The Long Road to Healing: 1in6 Thursdays on the Joyful Heart Foundation Blog
Pope Francis’s meeting this week with six men and women who had been abused when they were children by Catholic priests inevitably stirred emotional reactions ranging from gushing praise to outright cynicism. My reaction was a well-practiced “wait and see.”
Over time, and after many disappointments, I’ve adopted the long view.
More than 25 years has passed since my first conversations with a member of the Catholic hierarchy about stopping sexual abuse of children by Catholic clergy. As might be expected, I wasn’t happy when they told me they believed the priest who had sexually abused me, who said he was “just horsing around,” and that they intended to leave him in ministry.
Seven years later, the Archdiocese of Boston contacted me to say they’d “made a mistake,” and that the priest was now suspended. More than 10 years after that, he was defrocked, permanently removed from the priesthood. That leaves me in a small minority of those who were abused by clerics of any faith, who have seen the person who abused them held to some measure of accountability.
Although I definitely benefited from the validation I experienced by his removal, I realized that the punishment itself – the sense of “getting even” – was not what brought me comfort. Instead, it was the sense that finally, I’d been believed and that the priest, in some small way, was now less able to hurt another child. That covered two of the three things I’d demanded from the Archdiocese back in 1987. As far as I know, my third demand, that the priest be given treatment to address his abusive impulses, remains unfulfilled.
There is little comfort for those children who are being sexually abused today in my story of validation or in the emotional words of apology from Pope Francis. All of us adults, the Pope, myself, anyone with the slightest bit of power or influence, are responsible for protecting those who are at risk from abuse, and also for supporting those who have already survived abuse to heal. Both protection and support requires positive action, positive change – not words or good intentions alone.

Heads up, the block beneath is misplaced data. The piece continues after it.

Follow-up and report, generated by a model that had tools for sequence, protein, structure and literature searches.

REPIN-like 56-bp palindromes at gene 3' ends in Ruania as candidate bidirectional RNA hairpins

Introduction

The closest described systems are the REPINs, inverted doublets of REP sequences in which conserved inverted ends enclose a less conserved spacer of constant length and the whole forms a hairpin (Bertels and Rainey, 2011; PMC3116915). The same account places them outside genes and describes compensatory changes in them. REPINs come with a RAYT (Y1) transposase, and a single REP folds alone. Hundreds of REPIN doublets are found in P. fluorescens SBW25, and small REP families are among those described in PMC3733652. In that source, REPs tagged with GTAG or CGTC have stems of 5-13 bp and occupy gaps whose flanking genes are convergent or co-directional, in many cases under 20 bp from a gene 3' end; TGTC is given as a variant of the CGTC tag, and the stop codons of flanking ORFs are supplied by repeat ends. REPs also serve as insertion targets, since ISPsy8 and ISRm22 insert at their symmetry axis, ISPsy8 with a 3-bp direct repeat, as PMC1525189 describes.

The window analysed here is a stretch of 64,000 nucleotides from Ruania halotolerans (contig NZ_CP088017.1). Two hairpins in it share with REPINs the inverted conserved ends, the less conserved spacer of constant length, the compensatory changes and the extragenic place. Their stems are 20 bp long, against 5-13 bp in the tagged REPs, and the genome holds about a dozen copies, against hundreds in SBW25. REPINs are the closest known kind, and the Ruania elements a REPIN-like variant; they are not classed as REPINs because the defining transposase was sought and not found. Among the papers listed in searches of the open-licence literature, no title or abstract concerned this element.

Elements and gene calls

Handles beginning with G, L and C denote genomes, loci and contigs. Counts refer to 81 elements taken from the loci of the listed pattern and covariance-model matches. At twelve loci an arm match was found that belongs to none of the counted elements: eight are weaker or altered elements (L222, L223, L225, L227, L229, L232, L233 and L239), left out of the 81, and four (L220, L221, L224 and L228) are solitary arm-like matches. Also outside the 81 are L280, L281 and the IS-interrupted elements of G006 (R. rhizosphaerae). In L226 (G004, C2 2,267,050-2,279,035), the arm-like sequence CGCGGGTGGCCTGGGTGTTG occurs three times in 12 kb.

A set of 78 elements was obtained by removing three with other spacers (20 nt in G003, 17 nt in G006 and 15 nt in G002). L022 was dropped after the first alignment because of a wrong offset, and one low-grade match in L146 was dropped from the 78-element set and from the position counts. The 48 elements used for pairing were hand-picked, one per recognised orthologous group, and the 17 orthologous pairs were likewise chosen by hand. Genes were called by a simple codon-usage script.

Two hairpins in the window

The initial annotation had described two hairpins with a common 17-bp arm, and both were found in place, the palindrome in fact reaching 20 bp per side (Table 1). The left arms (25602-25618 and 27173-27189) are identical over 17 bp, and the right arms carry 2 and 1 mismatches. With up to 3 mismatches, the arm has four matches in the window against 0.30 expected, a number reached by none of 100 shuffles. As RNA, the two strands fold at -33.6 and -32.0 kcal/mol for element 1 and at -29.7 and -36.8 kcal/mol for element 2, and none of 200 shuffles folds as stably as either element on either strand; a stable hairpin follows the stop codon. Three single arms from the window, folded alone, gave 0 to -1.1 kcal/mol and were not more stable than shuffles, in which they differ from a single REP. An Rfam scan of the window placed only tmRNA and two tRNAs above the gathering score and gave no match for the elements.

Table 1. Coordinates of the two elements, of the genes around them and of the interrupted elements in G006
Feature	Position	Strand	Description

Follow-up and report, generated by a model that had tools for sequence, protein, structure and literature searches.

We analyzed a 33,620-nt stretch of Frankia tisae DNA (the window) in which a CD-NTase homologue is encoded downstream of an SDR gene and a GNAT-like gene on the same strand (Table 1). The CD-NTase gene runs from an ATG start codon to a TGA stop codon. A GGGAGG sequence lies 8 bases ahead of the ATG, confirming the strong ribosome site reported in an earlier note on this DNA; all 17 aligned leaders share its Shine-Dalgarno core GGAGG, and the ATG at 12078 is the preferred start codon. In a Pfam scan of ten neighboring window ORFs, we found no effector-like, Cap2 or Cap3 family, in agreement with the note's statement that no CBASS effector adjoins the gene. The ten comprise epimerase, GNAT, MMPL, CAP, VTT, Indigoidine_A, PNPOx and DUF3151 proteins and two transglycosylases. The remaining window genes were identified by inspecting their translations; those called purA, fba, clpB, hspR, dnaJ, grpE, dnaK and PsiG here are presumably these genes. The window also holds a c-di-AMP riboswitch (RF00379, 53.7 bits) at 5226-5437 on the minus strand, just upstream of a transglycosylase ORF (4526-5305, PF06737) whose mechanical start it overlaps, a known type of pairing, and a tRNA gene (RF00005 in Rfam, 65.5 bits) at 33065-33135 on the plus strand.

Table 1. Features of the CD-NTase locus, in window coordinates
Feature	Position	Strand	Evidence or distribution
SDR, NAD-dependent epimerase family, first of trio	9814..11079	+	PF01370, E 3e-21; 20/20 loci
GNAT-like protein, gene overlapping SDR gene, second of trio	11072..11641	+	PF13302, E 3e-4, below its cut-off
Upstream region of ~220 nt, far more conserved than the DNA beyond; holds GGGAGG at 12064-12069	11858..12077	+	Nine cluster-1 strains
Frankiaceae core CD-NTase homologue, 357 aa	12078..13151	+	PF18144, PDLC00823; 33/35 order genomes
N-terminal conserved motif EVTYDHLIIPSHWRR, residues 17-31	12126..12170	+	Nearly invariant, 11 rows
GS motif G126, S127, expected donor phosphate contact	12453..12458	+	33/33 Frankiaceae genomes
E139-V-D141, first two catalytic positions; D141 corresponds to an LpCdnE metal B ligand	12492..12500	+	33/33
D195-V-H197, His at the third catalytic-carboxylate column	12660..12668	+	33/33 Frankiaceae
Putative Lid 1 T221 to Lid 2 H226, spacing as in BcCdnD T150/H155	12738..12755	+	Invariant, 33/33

I work every week with a group of men, who have been violent with an intimate partner. My goal each meeting is to help them understand that the fact that, they may have been punished with time in jail, or that they’ve apologized for their abusive actions, does not re-establish safety for the person they hurt; does not undo the feelings of betrayal inherent in abuse; does not automatically restore a sense of trust.
We encourage the men to believe that their violence is something they’ve done, not who they are; and that their harmful behavior is something they have the power to change.
We help them see that if they can move past their defensive shame, they can begin to understand and validate the hurt they inflicted in a meaningful way; that they can empathize deeply with the person they harmed and appreciate what will be necessary to restore a sense of safety; and that trust can only come over time, through repeated demonstration of different, more healthy responses.
In the past, some members of the Catholic hierarchy, like some of the men in my group, have at times expressed surprise and confusion that a sincere expression of regret and sorrow, and a declaration of future good intentions doesn’t close the book on their previous mistakes.
I’ve always believed the Catholic Church was in a unique position to become a model for all institutions, and even families, for how individuals can hold themselves accountable for past failings involving sexual abuse and embrace actions that will assure a safer world for children and those who are suffering from past abuse.
Pope Francis made some significant pronouncements this week about confronting a culture that allowed sexual abuse to run rampant in the Church.
I and billions of Catholics and non-Catholics alike will “wait and see” if he actually seizes the opportunity to create a safer world for kids in a meaningful way.
– By Peter Pollard
Peter Pollard is the Professional Relations & Communications Director for 1in6, Inc. Peter previously worked for 15 years as a state, child-protection social worker and was the Public Education director at Stop It Now! Since 2003, he has served as the Western Massachusetts coordinator for SNAP (Survivors Network of those Abused by Priests) and also does work for a Certified Batterers Intervention Program. See Peter’s portrait in The Bristlecone Project exhibit.